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The data center industry must base itself on open standards, but can’t afford to make it a religious issue, according to debates at the Datacenter Dynamics event in the CeBIT fair in Hannover, Germany. 

“Through open standards I believe we can change the world,” said Cole Crawford of Vapor IO, in the opening session of the last day of DCD at CeBIT, an event-within-an-event at the giant German tech trade show. 

Cole Crawford
Cole Crawford, Vapor IO – Peter Judge

Vapor IO’s “hyper-collapsed” data center concept is based on cylindrical “vapor chambers” which use a chimney effect to draw heat through IT equipment more efficiently. The architecture allows 5.4MW of IT equipment to be placed in a space which would accommodate only 4.3MW of traditional rack-and-row equipment. And the Vapor equipment can be added incrementally, one chamber at a time.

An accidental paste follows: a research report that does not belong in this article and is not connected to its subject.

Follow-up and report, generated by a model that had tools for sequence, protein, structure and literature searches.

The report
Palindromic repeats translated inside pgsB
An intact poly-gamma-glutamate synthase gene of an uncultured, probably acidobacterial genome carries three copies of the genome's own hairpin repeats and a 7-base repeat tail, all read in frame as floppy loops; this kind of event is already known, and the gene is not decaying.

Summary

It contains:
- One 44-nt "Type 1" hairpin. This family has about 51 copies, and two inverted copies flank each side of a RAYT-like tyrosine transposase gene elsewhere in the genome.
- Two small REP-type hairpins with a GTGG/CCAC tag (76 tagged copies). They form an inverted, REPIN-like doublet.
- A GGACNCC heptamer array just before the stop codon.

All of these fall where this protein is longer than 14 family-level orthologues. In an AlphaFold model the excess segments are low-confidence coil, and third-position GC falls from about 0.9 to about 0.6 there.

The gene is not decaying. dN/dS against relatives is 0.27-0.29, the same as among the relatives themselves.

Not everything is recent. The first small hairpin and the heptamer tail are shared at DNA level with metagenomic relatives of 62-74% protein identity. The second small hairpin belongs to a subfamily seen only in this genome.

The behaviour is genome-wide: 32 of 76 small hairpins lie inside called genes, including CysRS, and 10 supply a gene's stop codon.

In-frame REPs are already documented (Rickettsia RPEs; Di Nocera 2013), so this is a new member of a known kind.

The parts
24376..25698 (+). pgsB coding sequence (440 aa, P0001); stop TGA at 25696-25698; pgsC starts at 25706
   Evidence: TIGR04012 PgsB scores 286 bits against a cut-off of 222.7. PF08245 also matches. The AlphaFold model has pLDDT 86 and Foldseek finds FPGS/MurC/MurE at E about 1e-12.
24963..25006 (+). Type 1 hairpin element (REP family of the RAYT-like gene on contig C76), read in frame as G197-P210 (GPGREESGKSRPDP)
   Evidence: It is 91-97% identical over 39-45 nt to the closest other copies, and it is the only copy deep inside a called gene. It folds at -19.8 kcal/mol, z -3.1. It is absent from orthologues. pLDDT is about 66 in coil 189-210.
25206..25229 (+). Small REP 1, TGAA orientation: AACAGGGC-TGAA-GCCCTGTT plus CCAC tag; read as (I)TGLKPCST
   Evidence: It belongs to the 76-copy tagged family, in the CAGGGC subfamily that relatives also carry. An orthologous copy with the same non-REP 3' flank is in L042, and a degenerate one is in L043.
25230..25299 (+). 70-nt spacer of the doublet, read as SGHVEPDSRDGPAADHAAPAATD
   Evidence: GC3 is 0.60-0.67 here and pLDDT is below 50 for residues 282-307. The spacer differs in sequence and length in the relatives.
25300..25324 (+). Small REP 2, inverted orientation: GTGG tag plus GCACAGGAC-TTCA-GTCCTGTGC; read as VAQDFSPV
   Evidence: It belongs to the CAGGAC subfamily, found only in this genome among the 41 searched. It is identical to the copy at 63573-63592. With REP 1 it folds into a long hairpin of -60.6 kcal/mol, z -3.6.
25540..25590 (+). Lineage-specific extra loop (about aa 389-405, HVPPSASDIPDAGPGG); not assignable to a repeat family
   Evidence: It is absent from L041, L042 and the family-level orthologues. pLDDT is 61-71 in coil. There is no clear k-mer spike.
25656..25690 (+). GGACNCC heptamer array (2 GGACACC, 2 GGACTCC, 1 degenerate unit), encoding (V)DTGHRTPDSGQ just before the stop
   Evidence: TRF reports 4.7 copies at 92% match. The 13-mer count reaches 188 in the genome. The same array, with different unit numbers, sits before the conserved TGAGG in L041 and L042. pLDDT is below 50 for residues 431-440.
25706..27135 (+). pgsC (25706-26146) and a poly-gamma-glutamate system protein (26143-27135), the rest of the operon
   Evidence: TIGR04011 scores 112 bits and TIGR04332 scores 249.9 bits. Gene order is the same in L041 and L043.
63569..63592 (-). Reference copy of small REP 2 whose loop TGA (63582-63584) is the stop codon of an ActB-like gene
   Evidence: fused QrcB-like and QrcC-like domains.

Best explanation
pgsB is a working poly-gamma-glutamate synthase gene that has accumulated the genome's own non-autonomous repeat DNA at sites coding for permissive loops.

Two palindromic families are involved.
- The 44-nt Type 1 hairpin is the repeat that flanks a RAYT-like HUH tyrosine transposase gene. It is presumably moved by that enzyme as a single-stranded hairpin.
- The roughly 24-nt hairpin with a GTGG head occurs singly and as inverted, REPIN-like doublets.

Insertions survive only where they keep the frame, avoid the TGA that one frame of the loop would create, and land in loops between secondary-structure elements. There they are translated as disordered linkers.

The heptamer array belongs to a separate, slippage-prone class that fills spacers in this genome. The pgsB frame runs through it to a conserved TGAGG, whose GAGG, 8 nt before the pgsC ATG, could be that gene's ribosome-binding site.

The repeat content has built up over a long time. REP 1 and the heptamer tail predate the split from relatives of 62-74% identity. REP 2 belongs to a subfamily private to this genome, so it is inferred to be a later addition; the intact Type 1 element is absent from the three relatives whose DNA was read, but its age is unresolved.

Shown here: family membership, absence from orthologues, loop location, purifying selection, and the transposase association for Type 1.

Community standards

However, Crawford’s talk was as much about Vapor’s proposals for CORE, a data center runtime environment, which will eventually be open-sourced, potentially creating an open environment for managing and controlling data centers.

Open technologies came to the fore in the closing debate of the event - which dealt with the different options for building open technologies.

While industry consortia can create standards, the industry is seeing a surge in community standards created by users at a speed far greater than can be achieved by vendor bodies or official committees.

These include the Open Compute open source hardware group, which Crawford led till the end of 2014, and the OpenStack open source cloud platform which emerged from NASA and Rackspace.

OpenStack represented by Feederico Facca of Create-Net, uses the Apache 2 license, which received some criticism for adding the freedom to “be selfish” and withold code form the open source pool. Crawford - previously an early OpenStack leader - warned that this freedom opened the potential for proprietary technologies within OpenStack clouds - and had also allowed the fragmentation of the world of containerized software, with the emergence of CoreOs to rival Docker. 

Politically, the panel found open source technologies either represented socialism or capitalism, according to the preference of the speakers. All agreed the move is a good one.